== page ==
In September of 2013, nine Arizona state lawmakers, both Democrats and Republicans, flew to Salt Lake City for an all-expenses paid trip. The Utah-based company that picked up the tab, Imagine Learning, had been trying to persuade state leaders to purchase its English language learning software for use in Arizona schools for three years.
This year, all nine legislators who went on that trip signed on as sponsors of a bill that would have opened up Arizona for Imagine Learning's programs. A contract would have been worth as much as $35 million to the company.
A CBS 5 Investigation found example after example of lawmakers accepting gifts from lobbyists, in the form of meals, drinks and trips, and then sponsoring legislation that benefits the companies that paid for the gifts.
Lawmakers are only required to disclose those gifts worth more than $500. But those gifts account for a fraction of the freebies lawmakers accept. Lobbying records obtained by CBS 5 investigate show tens of thousands of dollars in gifts showered on state lawmakers every year.
Using accounting software and several lobbyist databases obtained by CBS 5 Investigates through a public records request, we came up with totals for each state lawmaker. The effort took more than 100 hours because the data contained duplicate expenses and was archived in such a way that the actual expenses were not connected to any names. The databases used code numbers for the lobbyists and multiple code numbers for each lawmaker.
You can get an inside look at how we broke down the data in the accompanying behind-the-scenes video.
State Sen. Don Shooter, a Republican from Yuma, ranked No. 1 on the list. Since he's been in office he's accepted an average of $1,826 in benefits per year, most of them have been meals and entertainment.
Shooter declined our request to address the issue, or the idea of a gift ban at the state capitol. That effort has failed year after year.
House Speaker Andy Tobin ranked second on the list, accepting an average of $1,820 in gifts since he's been in office.
Tobin is running for Congress this year. His campaign office sent us the following statement:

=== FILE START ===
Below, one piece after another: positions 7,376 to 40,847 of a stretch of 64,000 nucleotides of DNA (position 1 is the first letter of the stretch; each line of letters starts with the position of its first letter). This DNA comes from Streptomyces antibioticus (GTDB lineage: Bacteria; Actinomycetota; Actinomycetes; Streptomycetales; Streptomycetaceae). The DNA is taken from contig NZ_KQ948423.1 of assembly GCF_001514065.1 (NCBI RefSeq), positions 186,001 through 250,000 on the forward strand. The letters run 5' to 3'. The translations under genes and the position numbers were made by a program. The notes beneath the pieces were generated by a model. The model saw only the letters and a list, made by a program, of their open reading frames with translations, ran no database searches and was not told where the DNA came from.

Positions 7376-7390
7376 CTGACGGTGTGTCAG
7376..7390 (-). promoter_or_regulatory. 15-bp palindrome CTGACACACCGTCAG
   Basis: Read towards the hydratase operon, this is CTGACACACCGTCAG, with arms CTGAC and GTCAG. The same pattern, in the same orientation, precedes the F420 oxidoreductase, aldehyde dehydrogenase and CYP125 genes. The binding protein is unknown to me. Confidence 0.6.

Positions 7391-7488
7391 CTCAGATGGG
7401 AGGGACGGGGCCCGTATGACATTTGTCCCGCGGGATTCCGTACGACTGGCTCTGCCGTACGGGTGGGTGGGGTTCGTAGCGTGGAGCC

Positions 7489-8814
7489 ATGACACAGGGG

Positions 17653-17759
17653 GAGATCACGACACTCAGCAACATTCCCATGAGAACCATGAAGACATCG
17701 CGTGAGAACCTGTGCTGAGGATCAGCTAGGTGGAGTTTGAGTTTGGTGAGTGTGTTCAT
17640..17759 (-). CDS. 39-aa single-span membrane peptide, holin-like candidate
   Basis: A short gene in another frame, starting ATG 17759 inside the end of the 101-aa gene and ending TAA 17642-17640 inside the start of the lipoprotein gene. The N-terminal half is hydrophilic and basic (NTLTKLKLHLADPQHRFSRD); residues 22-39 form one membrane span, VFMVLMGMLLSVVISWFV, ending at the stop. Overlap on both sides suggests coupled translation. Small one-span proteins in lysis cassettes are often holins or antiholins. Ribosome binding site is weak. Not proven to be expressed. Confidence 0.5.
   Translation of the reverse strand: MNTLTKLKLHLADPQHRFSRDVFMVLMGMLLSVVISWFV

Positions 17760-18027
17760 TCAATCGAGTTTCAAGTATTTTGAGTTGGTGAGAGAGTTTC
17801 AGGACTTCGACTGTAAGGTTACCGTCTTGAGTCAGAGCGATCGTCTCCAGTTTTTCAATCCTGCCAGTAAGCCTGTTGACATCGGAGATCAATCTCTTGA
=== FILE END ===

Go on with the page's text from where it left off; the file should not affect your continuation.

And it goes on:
"CBS5's difficulty in obtaining the expenses of members illustrates an antiquated reporting and tracking issue. Speaker Tobin supports increasing gift transparency to the same standard as Congress. For example, one can see that Rep. Ann Kirkpatrick accepted over $64,000 in free trips in under 4 years just by looking at the U.S. Congress website. Speaker Tobin believes that state leaders should never shy away from promoting Arizona domestically or internationally. Furthermore, improved reporting and tracking would allow voters to decide if their elected representatives are doing what is best for Arizona, or simply enjoying privileges not shared by the public."
Other lawmakers who spoke to CBS 5 Investigates said lobbyist gifts do not affect the way they govern, but a leading behavior scientist at Arizona State University disagreed.
"Elected and appointed officials may believe that certain rules don't apply to them, but the rules of human behavior do apply to them," said Robert Cialdini, Ph.D., who is the professor emeritus of psychology and marketing at ASU and the author of a New York Times best-selling book called, "Influence."
Cialdini said study after study has shown that giving gifts is one of the most effective ways to influence people. You can see his company's website here, for more information about influence. You can also see our extended interview with Cialdini in the accompanying video.
"We know that it's built into us from the beginning, by our teachers, by our parents, by our scout masters. The rule is you should not take without giving in return," said Cialdini.
During this legislative session the bill that would have helped the Utah-based software company failed to make it into law. But deep inside the state budget is a provision that opens the door for the company to bid on a contract with state schools after all.
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